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-   -   Should an empty MRF zone really induce this much cross-flow? (http://www.cfd-online.com/Forums/openfoam/81976-should-empty-mrf-zone-really-induce-much-cross-flow.html)

sylvester November 12, 2010 06:28

Should an empty MRF zone really induce this much cross-flow?
 
4 Attachment(s)
Hi,

As a test setup we have placed an empty MRF zone in a flow with with uniform freestream conditions, calculated using MRFSimpleFoam.
The MRF zone is a cylinder with the axis pointing in Z-direction. The freestream velocity is in X-direction. The cylinder has a radius of 1 m, see attached 'geometry-s.jpg'.

This is our MRF definition:
Code:

    cylinder
    {
        nonRotatingPatches ();
        origin  origin  [0 1 0 0 0 0 0] ( 0. 0. 0. );
        axis    axis    [0 0 0 0 0 0 0] ( 0. 0. 1. );
        omega  omega  [0 0 -1 0 0 0 0] 120.;
    }

The velocity is specified as:
Code:

internalField  uniform (50 0 0);

boundaryField
{
    sphere
    {
        type            freestream;
        freestreamValue $internalField;
    }
}

And the pressure as:
Code:

internalField  uniform 0;

boundaryField
{
    sphere
    {
        type            freestreamPressure;
    }
}

Our expectation was that, as the MRF zone is empty, the flowfield would be unaffected by it. Clearly this is not the case, as the screenshots of the resulting flowfield show.

We contacted OpenCFD about this (http://www.openfoam.com/mantisbt/view.php?id=78), but their reply was that an MRF region will always affect a cross-flow even if it is empty. But surely an empty MRF zone cannot have such a big effect?

Is this really what should happen, or is something going wrong here?

Sylvester

ps. OF 1.7.x is used, updated today. The mesh consists of tetrahedra only, created using ANSA.

Ohbuchi November 15, 2010 14:22

Hi,

I'm really surprised with your result.
Then, I've tried another case with sphere boundary as wall, and initial U=0.
In this case, fluctuation caused by MRF was considerably small.
So I suppose this phenomena was caused by interaction free stream boundary with MRF.

eugene November 16, 2010 05:49

Unfortunately, empty MRFs do have a huge influence. I bashed my head against the problem for more than a week and dissected the governing equations down to the bones. What you see is "correct". In general, I would say an MRF with spin axis perpendicular to the flow does not behave very nicely unless it is encased (i.e. has some kind of solid rim).

A free MRF with flow perpendicular spin axis and no rim will produce non-physical (but correct according to the model) results.

bastil November 16, 2010 18:00

Interesting quote Eugene. I was not aware of this. C0uld you please go little more into detail?
This means there should be not MRF-Zone exceeding solid rims, right?

Regards Bastian

Quote:

Originally Posted by eugene (Post 283588)
Unfortunately, empty MRFs do have a huge influence. I bashed my head against the problem for more than a week and dissected the governing equations down to the bones. What you see is "correct". In general, I would say an MRF with spin axis perpendicular to the flow does not behave very nicely unless it is encased (i.e. has some kind of solid rim).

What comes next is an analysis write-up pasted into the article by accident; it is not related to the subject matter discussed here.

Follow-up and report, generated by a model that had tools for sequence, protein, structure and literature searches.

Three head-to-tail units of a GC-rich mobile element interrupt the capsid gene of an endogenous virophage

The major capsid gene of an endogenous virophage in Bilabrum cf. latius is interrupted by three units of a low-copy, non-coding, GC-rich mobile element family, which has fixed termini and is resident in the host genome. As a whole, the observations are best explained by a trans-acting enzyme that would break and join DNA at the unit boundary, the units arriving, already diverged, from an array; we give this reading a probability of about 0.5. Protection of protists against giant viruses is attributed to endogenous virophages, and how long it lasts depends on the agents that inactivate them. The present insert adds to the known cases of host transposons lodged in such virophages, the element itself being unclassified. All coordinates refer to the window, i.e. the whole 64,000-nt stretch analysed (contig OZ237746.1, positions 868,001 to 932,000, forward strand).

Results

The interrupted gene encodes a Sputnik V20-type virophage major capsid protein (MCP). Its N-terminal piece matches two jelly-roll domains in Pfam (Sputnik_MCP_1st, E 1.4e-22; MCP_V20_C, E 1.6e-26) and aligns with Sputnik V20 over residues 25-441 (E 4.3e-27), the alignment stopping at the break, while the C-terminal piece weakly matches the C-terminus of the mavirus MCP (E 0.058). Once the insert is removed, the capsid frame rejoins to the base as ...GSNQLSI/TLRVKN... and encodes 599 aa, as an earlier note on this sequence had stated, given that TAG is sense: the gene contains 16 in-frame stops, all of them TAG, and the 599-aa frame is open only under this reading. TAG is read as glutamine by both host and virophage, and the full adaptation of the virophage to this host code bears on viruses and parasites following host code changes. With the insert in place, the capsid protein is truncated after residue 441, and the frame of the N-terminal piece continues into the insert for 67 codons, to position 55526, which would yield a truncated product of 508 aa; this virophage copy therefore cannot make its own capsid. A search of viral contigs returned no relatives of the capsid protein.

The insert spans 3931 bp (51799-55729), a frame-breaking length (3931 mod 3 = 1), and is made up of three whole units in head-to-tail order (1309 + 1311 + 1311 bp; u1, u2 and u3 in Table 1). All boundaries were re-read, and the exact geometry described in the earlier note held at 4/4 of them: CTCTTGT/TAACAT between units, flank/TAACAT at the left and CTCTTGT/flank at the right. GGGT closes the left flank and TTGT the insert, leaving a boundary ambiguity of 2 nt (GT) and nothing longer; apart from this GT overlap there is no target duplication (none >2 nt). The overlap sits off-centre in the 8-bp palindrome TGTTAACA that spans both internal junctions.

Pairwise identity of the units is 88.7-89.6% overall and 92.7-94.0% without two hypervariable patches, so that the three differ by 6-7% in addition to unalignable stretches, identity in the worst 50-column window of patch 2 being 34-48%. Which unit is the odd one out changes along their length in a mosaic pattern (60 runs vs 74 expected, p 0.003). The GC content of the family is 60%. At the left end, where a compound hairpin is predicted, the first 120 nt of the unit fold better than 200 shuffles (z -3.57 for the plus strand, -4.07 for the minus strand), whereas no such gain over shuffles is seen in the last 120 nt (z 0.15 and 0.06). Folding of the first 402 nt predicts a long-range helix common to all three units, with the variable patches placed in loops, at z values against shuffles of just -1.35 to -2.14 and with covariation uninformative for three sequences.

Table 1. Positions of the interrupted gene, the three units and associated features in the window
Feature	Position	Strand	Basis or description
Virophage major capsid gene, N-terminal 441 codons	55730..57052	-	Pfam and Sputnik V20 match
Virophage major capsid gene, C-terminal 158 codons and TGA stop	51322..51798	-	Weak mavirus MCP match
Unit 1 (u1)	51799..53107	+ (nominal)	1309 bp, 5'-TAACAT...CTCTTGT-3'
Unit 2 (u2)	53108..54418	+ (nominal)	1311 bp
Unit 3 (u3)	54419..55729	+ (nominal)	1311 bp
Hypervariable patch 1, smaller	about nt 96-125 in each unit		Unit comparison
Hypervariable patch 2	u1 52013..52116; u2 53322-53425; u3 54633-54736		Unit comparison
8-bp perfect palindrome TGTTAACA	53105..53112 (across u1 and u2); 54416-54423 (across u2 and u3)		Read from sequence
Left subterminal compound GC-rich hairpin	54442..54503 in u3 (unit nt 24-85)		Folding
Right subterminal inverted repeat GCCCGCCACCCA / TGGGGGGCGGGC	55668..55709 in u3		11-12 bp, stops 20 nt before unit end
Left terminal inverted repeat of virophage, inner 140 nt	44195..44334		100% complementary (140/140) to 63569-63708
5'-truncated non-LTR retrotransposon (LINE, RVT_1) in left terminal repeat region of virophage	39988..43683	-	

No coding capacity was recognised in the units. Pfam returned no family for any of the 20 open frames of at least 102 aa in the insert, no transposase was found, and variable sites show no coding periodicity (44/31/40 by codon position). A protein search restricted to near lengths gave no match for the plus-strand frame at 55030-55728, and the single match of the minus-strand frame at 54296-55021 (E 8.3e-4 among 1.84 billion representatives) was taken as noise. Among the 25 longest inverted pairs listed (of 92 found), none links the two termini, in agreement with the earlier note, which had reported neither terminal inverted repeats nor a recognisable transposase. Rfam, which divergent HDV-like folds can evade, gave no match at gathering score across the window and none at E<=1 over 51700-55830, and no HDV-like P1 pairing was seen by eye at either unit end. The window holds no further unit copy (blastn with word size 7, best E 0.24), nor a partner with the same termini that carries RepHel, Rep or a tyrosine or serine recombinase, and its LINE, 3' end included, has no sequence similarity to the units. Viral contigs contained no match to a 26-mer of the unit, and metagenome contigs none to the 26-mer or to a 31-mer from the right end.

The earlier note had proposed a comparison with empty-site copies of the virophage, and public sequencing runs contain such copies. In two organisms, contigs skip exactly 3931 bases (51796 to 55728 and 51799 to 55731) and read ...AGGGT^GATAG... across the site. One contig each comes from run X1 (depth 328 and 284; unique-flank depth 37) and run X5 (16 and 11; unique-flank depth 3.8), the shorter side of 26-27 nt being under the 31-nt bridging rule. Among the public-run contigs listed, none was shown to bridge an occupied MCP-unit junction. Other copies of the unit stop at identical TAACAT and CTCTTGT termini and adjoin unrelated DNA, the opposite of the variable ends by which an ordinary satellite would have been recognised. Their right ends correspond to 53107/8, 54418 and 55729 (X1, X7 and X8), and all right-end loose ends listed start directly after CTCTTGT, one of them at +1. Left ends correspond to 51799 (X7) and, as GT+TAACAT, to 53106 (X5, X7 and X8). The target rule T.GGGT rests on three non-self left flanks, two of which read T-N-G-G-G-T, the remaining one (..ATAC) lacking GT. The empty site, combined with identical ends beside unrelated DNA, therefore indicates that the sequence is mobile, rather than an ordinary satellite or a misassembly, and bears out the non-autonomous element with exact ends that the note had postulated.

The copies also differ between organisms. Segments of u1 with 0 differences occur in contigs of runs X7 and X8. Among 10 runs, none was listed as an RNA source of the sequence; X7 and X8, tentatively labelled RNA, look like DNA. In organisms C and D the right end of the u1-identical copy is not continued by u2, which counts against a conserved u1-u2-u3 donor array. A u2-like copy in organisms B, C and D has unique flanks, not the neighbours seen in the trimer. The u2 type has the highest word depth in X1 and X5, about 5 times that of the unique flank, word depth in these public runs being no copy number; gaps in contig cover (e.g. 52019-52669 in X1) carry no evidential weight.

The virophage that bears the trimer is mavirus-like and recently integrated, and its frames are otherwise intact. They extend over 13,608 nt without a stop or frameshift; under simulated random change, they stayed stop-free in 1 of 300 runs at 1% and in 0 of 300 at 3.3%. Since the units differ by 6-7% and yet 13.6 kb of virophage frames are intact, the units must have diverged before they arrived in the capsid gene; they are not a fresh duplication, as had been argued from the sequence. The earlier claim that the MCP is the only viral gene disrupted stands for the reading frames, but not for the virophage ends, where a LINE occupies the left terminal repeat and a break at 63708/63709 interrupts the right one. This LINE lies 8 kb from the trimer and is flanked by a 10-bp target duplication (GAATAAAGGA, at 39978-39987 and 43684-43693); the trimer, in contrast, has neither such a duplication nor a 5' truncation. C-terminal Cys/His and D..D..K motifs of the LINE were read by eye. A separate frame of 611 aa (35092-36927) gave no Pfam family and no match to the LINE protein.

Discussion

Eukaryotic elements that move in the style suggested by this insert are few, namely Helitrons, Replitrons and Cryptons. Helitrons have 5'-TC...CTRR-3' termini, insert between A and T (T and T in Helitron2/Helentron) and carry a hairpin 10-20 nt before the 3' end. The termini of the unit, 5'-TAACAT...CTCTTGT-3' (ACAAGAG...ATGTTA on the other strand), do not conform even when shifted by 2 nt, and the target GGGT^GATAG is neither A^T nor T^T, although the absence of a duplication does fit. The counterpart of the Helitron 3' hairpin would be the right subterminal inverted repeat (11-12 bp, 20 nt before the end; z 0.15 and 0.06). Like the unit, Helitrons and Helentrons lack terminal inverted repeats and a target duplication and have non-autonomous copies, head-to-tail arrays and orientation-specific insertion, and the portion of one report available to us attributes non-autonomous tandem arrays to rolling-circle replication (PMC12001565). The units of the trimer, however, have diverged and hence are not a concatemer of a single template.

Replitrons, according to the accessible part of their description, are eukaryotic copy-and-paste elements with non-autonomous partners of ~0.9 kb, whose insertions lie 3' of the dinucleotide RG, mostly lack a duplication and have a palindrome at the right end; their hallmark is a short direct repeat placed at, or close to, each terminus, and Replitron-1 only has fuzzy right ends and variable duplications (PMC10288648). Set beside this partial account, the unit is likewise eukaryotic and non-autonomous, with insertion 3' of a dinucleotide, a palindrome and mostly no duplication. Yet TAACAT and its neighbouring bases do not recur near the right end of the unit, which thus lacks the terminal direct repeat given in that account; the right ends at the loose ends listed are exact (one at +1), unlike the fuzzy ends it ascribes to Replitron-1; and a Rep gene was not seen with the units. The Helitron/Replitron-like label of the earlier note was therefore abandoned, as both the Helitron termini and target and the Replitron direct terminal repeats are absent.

A free MRF with flow perpendicular spin axis and no rim will produce non-physical (but correct according to the model) results.


eugene November 16, 2010 19:49

Hi Bastil,

I can speculate on what the all this means, but I am not really sure, so don't take anything I say here as the gospel truth.

If you take the MRF equations and write them all in terms of the absolute velocity, you end up with at least one term that does not contain a gradient and will be non-zero in a uniform cross-flow: (omega x Ui). If the flow is purely swirling around the axis, this term exactly balances another term that does have a gradient of U in it.

If the directions of omega and Ui are the same, then the cross product is zero. If not, then it results in a net force. So a perfectly uniform flow field passing through an empty MRF can be deflected, just as if there was some kind of rotor occupying the volume. In general, I think an MRF should be constructed such that the cell zone matches the swept volume as closely as possible. Extending the MRF to any volume outside this, could potentially lead to additional non-physical forces.

In an ideal world, we would have automatic detection of the swept volume based on solid body rotation and some kind of flux jump boundaries to take care of the non-perpendicular MRF internal boundary faces. Maybe, we could just turn off the additional MRF momentum term in non-swept parts of the MRF volume. The main thing to note, is that there is a potential source of error inherent in using MRF and caution should be exercised when it is being applied.

sylvester November 18, 2010 04:48

Eugene, thanks for your excellent explanation. We tested it on a spinning wheel and indeed when we use a non-protruding MRF zone the cross-flow no longer appears.


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